The Remarkable Stability of Plum Island

October 24, 2016 by Chris Hein

Gloucester Point, VA       25 October 2016

I received an email yesterday from friend of the project and local science author Bill Sargent (author of this recent book on the geologic and human history of Plum Island), and it really drove home to me something very unique about Plum Island . . . it doesn’t move.

Chris Hein & Andy Fallon collecting a core through 2000-year-old marsh near Sandy Point State park, Plum Island, MA.

You see, Bill found on the beach of Castle Neck some prehistoric oyster shells. They washed up on the beach probably after being eroded from somewhere else in the Plum Island / Coffin’s Beach system. We don’t know quite where and we have not yet dated them (using 14-C or “radiocarbon” dating) to see when they first formed, but it is possible they have been around for thousands of years. They formed alongside the marshes and tidal flats behind the barrier islands, and were probably buried by sand thrown up and over the dunes during a big storm. This process, called “overwash”, and I wrote about how it doesn’t really happen much on Plum Island in a blog post two years ago.

But, overwash once DID happen. In fact, Plum Island used to be much less stable than it currently is. 4000-5000 years ago Plum Island was a set of small, narrow islands that migrated landward, covering the marsh and bays behind it. Eventually, due to both a decrease in the rate of sea level rise and the continued delivery of sand from the Merrimack River, the island stopped moving landward, stabilizing in its current position ~3500 years ago. It stopped overwashing and burying marsh, and by 2500 years ago had started instead building wider and higher; this was the topic of my 2012 paper on Plum Island written as part of my PhD work.

So, about those oyster shells Bill found . . . well, those may have been eroded out of the modern beach of Plum Island, after having been buried for 2500 years or more. How do we know this date? Well, a few years ago, Andy Fallon & I collected some samples of marsh that we found in the surf zone on southern Plum Island, at the beach near Sandy Point State Park. This summer we dated that marsh with radiocarbon dating and found that it is ~2100 years old. In other words, Plum island migrated landward (west), buried that marsh – which was on the back side of the island – 2100 years ago, and then sat there on top of that marsh for all that time in between. Only now, a little erosion at the southern end of Plum Island has excavated that marsh, this time on the FRONT of the island.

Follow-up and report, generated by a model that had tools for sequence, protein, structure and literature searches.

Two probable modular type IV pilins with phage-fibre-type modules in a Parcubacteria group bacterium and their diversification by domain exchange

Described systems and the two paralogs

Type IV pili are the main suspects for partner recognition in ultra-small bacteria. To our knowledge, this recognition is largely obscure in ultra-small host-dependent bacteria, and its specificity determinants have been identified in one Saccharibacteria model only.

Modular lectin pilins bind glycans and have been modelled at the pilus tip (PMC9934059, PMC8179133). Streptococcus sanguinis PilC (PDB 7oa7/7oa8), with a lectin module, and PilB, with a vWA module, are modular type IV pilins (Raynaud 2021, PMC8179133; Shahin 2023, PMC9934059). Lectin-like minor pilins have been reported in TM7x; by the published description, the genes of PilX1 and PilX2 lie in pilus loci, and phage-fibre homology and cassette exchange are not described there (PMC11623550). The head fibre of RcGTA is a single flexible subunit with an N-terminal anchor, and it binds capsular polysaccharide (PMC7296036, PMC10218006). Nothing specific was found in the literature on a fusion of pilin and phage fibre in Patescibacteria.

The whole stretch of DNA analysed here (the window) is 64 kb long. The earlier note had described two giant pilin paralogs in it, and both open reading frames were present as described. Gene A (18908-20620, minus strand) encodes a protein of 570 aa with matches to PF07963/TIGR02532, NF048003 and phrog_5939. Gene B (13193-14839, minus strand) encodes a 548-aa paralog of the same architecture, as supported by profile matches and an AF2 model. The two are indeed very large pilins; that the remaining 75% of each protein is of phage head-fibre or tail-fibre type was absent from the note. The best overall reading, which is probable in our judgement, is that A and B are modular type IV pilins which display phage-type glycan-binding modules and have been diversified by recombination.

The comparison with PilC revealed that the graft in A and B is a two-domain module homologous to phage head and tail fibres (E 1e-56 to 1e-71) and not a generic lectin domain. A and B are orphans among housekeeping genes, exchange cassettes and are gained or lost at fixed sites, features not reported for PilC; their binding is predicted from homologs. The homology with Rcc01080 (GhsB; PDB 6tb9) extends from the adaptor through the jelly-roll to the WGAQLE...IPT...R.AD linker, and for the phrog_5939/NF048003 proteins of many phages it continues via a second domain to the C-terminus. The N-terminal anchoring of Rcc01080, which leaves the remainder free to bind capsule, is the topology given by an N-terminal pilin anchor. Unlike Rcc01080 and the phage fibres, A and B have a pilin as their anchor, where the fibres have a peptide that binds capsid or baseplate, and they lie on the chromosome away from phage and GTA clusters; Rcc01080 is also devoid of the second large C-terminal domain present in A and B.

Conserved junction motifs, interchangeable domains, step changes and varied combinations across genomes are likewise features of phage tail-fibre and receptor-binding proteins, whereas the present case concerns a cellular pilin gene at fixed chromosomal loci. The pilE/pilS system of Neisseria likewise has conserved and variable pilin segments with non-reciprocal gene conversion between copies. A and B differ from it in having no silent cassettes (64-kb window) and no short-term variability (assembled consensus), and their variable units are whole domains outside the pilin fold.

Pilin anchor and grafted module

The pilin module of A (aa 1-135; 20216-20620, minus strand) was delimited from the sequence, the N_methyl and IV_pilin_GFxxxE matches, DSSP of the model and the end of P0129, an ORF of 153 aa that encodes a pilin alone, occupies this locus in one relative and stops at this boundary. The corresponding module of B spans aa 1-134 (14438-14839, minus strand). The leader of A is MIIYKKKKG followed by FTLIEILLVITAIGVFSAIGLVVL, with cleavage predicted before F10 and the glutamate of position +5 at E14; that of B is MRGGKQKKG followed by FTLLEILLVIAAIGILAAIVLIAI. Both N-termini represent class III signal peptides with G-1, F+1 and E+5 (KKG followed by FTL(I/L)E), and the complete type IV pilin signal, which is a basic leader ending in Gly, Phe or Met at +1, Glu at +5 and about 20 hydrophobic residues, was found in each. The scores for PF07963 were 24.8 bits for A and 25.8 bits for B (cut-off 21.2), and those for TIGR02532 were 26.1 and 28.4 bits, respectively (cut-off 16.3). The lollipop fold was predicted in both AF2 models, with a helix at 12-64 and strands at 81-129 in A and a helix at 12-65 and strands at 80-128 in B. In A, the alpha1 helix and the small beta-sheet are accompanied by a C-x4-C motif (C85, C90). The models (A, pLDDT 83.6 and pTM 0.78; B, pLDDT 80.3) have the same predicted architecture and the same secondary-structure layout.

Young (<50 years old) marsh eroding out of the surf at Parramore Island, Virginia. Photo by Dan Ciarletta, Montclair State University.

This happens all over the place. Down in Virginia where I spent a lot of my time studying barrier islands, you can find marsh popping out on the beach on almost every barrier island. The difference? That marsh is only 50-100 years old, as opposed to >2000 years as we find on Plum Island!

So, what’s the difference? Well, despite what appears to be very severe erosion on Plum Island which has caused the loss of ~8 houses over the last 10 years, Plum Island is a very stable barrier island. It DOESN’T move! It has been sitting in the same place for literally thousands of years. Compare that to Cedar Island in Virginia: that beach retreats landward at a rate of ~30 feet per year.

Why? Well, we can thank the Merrimack River: that river has been pumping out large quantities of sand for thousands of years . . . . 12,000 years ago it was much more than today, and the amount of sand is less today than it was in 1800, before all of the dams on the river. But, it still delivers ~38,000 yd3 of sand every year, That sand gets reworked along the beach, nourishing it naturally, and helping the beaches and dunes of Plum Island keep up with rising sea level.

Down in Virginia we have no such river feeding our barrier islands. Their sand comes from erosion of cliffs . . . in Delaware. Without a fresh supply of sand from a river, those barrier islands erode and migrate . . . and not coincidentally, there are no longer any communities living out there.

So, go ahead and check out those ancient oysters on Castle Neck. Drive down to Sandy Point, walk to the beach at low tide, and look for the 2000-year-old marsh partially buried in beach sand. And think about just how remarkably stable Plum Island actually is . . . and the real challenges it would face if not for the Merrimack River.

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Posted: February 18, 2017
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